• Have children;
  • Are from a low income family

The argument against…

Opposition to the fees believe that they will deter students from going to university, over fears of the debts they will obtain for going.

Students have also argued that the debts have put poorer applicants off applying for long-term courses such as medicine, or courses that require expensive equipment, like many of the science courses.

UCAS reported a decline of 12,000 applicants in the year 2006 – 2007, accredited to the top-up fee introduction.

This was only a temporary decline, as figures for 2008-2009 show an increase of 20.000 applicants from the previous year.

Who opposes top-up fees?

Introduced in the Higher Education Act 2004, members and supporters of Labour were outraged because the Labour Manifesto 2001 promised: “We have no plans to introduce University top-up fees, and have legislated to prevent their introduction.”

A legislation loophole allowed the Labour Party to defend the change in law by stating that the manifesto only applied 2001 – 2005 and that the top-up fees would not be put in place by government until 2006.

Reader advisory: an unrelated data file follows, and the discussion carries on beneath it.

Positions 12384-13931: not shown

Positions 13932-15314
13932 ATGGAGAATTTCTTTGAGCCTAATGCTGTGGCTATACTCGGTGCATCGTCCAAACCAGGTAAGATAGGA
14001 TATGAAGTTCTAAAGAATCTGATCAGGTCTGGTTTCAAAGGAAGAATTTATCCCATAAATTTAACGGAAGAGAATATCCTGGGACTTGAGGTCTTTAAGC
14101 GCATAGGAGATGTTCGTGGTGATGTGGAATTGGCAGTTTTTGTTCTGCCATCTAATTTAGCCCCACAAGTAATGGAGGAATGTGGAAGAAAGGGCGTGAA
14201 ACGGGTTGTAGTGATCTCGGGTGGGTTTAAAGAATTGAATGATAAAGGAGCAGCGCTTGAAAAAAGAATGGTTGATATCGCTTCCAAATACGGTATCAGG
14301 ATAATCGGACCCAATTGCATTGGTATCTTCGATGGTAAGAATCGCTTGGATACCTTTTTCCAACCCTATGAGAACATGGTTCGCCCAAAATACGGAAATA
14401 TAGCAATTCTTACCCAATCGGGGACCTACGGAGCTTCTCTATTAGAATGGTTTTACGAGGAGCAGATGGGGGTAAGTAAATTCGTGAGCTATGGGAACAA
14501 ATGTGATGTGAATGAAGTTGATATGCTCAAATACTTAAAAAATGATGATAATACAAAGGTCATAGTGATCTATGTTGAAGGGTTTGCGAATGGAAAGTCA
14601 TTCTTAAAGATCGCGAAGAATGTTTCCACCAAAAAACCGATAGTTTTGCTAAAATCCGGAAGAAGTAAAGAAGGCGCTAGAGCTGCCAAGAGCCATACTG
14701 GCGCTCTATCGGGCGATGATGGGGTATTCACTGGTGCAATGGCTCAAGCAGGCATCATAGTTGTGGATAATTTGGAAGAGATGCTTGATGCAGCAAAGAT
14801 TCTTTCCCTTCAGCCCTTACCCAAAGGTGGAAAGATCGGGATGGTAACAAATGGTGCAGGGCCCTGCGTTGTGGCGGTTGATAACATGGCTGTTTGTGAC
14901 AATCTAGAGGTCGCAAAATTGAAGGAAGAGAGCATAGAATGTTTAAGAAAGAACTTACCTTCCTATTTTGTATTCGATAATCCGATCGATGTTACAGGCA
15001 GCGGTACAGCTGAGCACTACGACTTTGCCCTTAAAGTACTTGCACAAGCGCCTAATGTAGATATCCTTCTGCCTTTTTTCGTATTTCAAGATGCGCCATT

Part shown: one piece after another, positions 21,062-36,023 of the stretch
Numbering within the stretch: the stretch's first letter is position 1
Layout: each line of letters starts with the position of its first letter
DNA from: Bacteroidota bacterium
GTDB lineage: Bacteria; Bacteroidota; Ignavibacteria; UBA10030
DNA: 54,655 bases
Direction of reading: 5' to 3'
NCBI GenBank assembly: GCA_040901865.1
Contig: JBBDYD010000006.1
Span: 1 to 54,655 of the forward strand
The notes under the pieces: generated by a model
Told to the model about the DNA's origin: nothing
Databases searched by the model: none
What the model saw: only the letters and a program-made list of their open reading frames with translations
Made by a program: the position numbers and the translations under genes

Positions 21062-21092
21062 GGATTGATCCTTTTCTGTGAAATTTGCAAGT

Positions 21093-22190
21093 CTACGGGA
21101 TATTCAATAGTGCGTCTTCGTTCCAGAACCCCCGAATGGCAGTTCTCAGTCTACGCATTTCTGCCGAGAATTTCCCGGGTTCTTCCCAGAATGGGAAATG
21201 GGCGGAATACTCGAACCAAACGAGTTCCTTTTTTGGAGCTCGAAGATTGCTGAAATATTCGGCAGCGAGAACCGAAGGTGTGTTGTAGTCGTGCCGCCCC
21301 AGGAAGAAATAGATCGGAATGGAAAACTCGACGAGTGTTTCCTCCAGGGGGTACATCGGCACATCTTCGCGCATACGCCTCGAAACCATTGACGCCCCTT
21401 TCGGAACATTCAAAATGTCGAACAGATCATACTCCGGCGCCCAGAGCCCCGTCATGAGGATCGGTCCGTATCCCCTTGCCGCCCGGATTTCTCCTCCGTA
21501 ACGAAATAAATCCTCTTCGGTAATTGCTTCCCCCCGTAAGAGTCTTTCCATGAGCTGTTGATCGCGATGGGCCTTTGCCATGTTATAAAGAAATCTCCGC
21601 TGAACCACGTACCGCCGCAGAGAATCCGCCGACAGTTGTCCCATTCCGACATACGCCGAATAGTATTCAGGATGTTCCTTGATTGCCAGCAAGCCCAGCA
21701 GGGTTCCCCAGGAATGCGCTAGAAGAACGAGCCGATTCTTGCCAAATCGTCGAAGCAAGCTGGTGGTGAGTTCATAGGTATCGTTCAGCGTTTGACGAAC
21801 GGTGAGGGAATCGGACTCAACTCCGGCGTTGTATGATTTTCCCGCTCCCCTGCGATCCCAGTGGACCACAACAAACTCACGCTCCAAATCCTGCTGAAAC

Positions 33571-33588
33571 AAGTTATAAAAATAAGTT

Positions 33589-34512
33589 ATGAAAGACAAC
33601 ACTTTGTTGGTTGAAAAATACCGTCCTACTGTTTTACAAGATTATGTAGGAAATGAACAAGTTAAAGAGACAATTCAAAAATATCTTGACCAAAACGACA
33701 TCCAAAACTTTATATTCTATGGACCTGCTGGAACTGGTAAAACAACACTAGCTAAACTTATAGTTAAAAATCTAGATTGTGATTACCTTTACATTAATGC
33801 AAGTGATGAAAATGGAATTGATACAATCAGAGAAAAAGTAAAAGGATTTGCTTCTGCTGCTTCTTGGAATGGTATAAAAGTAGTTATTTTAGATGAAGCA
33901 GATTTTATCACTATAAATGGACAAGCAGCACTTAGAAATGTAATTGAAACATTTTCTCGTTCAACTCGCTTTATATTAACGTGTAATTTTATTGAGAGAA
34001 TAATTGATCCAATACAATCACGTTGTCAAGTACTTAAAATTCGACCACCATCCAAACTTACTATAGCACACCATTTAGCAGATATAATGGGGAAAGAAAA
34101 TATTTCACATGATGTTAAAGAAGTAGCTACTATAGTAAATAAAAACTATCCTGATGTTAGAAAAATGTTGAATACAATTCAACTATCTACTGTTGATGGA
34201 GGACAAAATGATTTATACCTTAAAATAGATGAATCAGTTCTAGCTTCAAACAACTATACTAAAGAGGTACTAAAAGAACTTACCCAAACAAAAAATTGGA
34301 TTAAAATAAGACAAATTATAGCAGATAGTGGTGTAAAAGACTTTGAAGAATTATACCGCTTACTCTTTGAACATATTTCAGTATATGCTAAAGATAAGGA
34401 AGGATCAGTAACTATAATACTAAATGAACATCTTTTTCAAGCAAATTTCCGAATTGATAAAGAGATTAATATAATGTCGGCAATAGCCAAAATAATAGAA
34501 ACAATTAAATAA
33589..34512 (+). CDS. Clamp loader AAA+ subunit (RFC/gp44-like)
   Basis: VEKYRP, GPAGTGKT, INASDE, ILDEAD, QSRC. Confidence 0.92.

Student protest

 

The National Union of Students (NUJ) has actively campaigned against top up since before their introduction.

As well as various campaigns, they have introduced their own critique of the current tuition fee system called ‘Broke and Broken’. On the NUS website the group outline the conclusion their concerns about the current system:

“Thousands of students will continue to struggle with rising debts and living costs if the system remains unchanged – it’s time to make that change.”

Current students have made their campaign against top-up fees very public, using symbolic protests to demonstrate their position.

In 2002, students descended on London in a rally to prevent this exact situation. Former National Union of Students (NUS) President Mandy Telford told the Guardian newspaper:

“Education should be based on your ability not your ability to pay.”

In 2003, Durham University staged a protest in which students “removed the shirts from our backs” to symbolically demonstrate the government’s attitude to student finance.

Most recently, thousands of students demonstrated on 5th November 2008 to put pressure on the government about their upcoming review of the tuition fee system.